Thursday, December 3, 2009

Climate, and the Rise and fall of Civilization

There are a number of different definitions of “Civilization”. Chamber’s Dictionary defines civilization as “a stage of development in human society that is socially, politically, culturally and technologically advanced” and Wikipedia considers it “a complex society or culture group characterized by dependence upon agriculture, long-distance trade, state form of government, occupational specialization, urbanism, and class stratification”. But one thing those definitions have in common is that civilization may refer to emergence of “Society”, the organized group or association, meeting to share a common interest of activity and all kinds of development (specifically material) occur in it.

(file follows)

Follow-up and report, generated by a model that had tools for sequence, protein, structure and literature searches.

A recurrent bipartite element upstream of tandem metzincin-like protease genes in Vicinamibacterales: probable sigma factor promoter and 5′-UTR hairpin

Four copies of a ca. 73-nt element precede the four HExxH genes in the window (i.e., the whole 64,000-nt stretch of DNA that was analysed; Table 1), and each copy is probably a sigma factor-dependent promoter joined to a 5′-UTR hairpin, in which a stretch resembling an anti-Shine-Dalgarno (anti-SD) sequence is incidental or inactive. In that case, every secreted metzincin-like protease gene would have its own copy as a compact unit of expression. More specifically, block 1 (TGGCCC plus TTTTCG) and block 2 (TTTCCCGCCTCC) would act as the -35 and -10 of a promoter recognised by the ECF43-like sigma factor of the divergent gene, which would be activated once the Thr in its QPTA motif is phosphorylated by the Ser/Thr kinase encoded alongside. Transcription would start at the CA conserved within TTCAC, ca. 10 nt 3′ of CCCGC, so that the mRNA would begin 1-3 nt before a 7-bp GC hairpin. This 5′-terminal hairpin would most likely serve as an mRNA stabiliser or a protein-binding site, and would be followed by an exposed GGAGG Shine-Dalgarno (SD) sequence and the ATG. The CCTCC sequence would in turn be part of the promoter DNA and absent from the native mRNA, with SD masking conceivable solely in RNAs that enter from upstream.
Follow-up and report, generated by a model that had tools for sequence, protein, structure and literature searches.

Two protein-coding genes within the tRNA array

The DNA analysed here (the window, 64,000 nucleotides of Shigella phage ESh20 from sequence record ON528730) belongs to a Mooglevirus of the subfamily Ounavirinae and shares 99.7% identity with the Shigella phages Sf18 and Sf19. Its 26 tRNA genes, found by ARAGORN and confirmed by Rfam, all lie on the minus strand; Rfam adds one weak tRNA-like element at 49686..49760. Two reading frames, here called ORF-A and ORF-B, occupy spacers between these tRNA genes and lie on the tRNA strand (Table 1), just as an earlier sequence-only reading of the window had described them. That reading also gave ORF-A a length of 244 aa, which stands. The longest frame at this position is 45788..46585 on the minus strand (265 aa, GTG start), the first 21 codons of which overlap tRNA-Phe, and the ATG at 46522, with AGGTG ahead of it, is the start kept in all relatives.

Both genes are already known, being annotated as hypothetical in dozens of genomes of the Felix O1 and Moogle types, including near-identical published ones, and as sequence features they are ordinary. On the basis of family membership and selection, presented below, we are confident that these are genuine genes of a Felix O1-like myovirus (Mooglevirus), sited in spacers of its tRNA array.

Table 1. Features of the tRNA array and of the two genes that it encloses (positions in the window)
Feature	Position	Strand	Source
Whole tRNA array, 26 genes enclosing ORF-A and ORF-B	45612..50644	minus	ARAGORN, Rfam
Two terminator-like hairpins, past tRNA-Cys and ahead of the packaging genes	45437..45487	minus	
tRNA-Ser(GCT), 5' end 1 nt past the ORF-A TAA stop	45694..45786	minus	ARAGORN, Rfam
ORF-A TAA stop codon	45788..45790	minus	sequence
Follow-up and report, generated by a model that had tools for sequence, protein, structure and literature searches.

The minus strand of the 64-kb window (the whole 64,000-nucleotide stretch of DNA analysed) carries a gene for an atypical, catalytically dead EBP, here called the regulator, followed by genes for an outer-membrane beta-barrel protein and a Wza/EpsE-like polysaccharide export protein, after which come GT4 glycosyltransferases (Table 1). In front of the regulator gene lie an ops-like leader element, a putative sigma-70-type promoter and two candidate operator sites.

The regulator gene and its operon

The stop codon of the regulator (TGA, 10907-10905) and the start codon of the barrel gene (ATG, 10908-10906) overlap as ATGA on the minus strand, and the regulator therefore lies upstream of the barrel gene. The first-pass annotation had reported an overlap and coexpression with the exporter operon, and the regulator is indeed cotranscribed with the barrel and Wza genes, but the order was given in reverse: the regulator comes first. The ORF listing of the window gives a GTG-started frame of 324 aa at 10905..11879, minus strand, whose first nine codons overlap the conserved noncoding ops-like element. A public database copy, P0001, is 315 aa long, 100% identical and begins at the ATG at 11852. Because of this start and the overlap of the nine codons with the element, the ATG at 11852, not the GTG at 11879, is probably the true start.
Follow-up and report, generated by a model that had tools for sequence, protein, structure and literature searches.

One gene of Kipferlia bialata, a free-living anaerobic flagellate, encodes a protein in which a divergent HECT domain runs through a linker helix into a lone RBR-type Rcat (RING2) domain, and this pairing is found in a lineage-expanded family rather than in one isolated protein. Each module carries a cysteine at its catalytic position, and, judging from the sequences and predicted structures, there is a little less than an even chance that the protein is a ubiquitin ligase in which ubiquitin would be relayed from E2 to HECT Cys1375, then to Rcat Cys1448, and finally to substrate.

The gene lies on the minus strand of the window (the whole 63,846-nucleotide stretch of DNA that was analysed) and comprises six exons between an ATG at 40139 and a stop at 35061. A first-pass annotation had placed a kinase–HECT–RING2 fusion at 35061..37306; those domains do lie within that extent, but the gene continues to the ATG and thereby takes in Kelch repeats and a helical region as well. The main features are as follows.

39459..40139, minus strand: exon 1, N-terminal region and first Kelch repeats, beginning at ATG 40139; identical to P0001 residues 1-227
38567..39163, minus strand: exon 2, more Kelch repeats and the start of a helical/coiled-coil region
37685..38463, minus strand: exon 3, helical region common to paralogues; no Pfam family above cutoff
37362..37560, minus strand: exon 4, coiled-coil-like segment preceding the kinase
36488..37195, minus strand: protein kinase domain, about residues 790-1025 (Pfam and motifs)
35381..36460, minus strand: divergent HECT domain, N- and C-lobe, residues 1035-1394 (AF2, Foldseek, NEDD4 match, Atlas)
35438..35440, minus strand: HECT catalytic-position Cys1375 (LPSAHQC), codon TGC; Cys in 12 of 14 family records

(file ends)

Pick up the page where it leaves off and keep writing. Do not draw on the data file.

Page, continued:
As humankind has gone through thousands of years, the civilization has been developed and progressed in many ways, but the essential (basic) form or basis of civilization has never changed. People settle in certain places and still form a group which we call a society and the society develops and progresses by interaction between people or societies. With this premise, we would say that it is quite meaningful to have a question that; why and how did civilization begin and emerge? What was the most influential factor of the emergence of civilizations?